4. Feeling a bit blue and need to be a bit more self-compassionate? Give yourself a hug. You’re probably thinking that it’s silly but just as there’s a brain-body connection, there’s a body-brain connection as Amy Cuddy talks about in her book Presence. One easy way to soothe and comfort yourself when you’re feeling badly is to give yourself a gentle hug. It seems a bit silly at first, but your body doesn’t know that. It just responds to the physical gesture of warmth and care, just as a baby responds to being held in its mother’s arms. Our skin is an incredibly sensitive organ. Research indicates that physical touch releases oxytocin, provides a sense of security, soothes distressing emotions, and calms cardiovascular stress. So why not try it? If you notice that you’re feeling tense, upset, sad, or self-critical, try giving yourself a warm hug, tenderly stroking your arm or face, or gently rocking your body. What’s important is that you make a clear gesture that conveys feelings of love, care, and tenderness. If other people are around, you can often fold your arms in a nonobvious way, gently squeezing yourself in a comforting manner. You can also biochemical experience. Try giving yourself a hug in times of suffering several times a day for a period of at least a week. Hopefully you’ll start to develop the habit of physically comforting yourself when needed, taking full advantage of this surprisingly simple and straightforward way to be kind to ourselves.


5. A common theme that I notice in books on happiness is that we derive happiness from building good, solid, and meaningful relationships whether it’s with family or friends. If you’re down, the worst thing you can do is to think that you’re all alone and that no one understands you. Rather than isolating yourself and being depressed with self-pity, go seek out your friends to talk to as you may discover that you’re not so alone in your problems after all. Abraham Maslow was a well-known American psychologist working in the mid-twentieth century who led the humanistic psychology move ment. He argued that needs for individual growth and happiness can’t be met without first satisfying the more basic need for human connection. Without bonds of love and affection with others, he argued, we cannot go on to achieve our full potential as human beings. Similarly, psychoanalyst Heinz Kohut, who developed a model called ‘self psychology’ in the early 1970s, proposed that belongingness was one of the core needs of the self. He defined belongingness as the feeling of being ‘human among humans,’ a feeling that allows us to feel connected to other people. One of the major causes of mental health problems, he felt, was a lack of belongingness, the perception that we are cut off from our fellows. Loneliness stems from the feeling that we don’t belong, whether or not we’re in the presence of others. If you attend a large party where you don’t quite fit in, you’re still likely to feel alone. Loneliness comes from feeling disconnected from fear of rejection and isolation. Research indicates that social isolation increases the risk of coronary heart disease by two or three times. In contrast, involvement in a support group lessens the anxiety and depression experienced by cancer victims, while increasing their long-term chances of survival. One of the key reasons support groups are so effective is because members feel less isolated throughout their ordeal. The need to belong, therefore, is fundamental to both physical and emotional health. Feelings of connectedness, like feelings of kindness, activate the brain’s attachment system. The ‘befriend’ part of the ‘tend and be friend’ instinct has to do with the human tendency to affiliate, to come together in groups in order to feel secure. For this reason, people who feel connected to others are not as frightened by difficult life circumstances and are more readily able to roll with the punches.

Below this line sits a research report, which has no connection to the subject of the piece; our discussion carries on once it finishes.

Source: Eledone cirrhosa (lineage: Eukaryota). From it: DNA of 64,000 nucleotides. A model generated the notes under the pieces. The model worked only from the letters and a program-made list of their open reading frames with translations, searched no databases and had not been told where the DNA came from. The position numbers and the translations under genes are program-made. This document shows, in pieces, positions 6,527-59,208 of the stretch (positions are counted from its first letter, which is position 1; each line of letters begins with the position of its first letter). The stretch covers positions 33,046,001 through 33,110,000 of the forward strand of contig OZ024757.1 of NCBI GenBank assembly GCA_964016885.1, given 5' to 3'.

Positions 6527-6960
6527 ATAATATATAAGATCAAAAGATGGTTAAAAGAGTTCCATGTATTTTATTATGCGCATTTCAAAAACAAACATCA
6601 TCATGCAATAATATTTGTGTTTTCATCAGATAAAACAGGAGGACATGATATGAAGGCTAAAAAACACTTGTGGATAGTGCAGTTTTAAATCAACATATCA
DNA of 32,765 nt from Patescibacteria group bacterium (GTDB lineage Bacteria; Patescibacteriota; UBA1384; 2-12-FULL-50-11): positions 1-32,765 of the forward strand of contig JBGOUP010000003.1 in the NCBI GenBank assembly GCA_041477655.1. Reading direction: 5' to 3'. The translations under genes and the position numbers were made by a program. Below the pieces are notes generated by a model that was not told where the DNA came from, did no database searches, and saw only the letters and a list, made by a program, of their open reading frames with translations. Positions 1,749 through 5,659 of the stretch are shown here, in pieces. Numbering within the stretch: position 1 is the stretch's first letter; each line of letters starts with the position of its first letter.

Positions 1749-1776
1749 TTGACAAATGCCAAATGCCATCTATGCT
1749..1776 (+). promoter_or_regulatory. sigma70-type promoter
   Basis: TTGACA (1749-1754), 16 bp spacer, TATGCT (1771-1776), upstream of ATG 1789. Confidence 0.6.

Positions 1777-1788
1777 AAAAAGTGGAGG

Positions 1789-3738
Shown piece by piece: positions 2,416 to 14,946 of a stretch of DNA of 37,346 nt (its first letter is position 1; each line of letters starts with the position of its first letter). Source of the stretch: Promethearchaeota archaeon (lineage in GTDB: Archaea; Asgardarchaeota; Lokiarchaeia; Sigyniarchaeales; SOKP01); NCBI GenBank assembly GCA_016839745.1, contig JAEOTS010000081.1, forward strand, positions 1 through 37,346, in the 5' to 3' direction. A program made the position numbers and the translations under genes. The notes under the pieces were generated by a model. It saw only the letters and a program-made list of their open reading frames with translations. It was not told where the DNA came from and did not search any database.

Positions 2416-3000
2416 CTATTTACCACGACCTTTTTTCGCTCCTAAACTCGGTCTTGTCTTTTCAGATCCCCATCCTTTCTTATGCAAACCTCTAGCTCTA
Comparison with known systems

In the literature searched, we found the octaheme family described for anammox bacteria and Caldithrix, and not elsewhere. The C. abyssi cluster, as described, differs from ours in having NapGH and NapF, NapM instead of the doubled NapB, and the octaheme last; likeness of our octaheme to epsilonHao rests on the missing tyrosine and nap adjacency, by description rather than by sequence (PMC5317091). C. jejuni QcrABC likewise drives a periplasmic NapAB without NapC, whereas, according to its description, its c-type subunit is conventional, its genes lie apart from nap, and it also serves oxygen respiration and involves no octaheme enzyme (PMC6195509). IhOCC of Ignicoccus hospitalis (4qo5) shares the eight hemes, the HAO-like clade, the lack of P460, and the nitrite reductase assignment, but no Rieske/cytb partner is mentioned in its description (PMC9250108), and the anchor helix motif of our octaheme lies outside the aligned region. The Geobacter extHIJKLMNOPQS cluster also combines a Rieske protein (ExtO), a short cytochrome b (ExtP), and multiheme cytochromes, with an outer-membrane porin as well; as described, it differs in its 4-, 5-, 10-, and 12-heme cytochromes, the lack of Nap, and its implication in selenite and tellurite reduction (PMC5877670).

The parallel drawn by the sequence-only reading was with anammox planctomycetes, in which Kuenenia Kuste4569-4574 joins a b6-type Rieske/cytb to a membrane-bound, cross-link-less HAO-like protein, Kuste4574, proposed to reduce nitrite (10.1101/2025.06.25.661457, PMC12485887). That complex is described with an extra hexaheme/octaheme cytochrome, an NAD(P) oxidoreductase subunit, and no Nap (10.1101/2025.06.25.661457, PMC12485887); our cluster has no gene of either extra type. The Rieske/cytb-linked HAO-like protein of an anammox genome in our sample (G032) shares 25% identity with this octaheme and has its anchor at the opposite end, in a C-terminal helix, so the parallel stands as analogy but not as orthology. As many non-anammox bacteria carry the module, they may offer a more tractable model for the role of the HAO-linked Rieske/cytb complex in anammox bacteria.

By Ryan Timothy Lee


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1 Comment

  1. […] Have some self-compassion. “Self-compassion comes from recognizing that our imperfections are part of being human. […]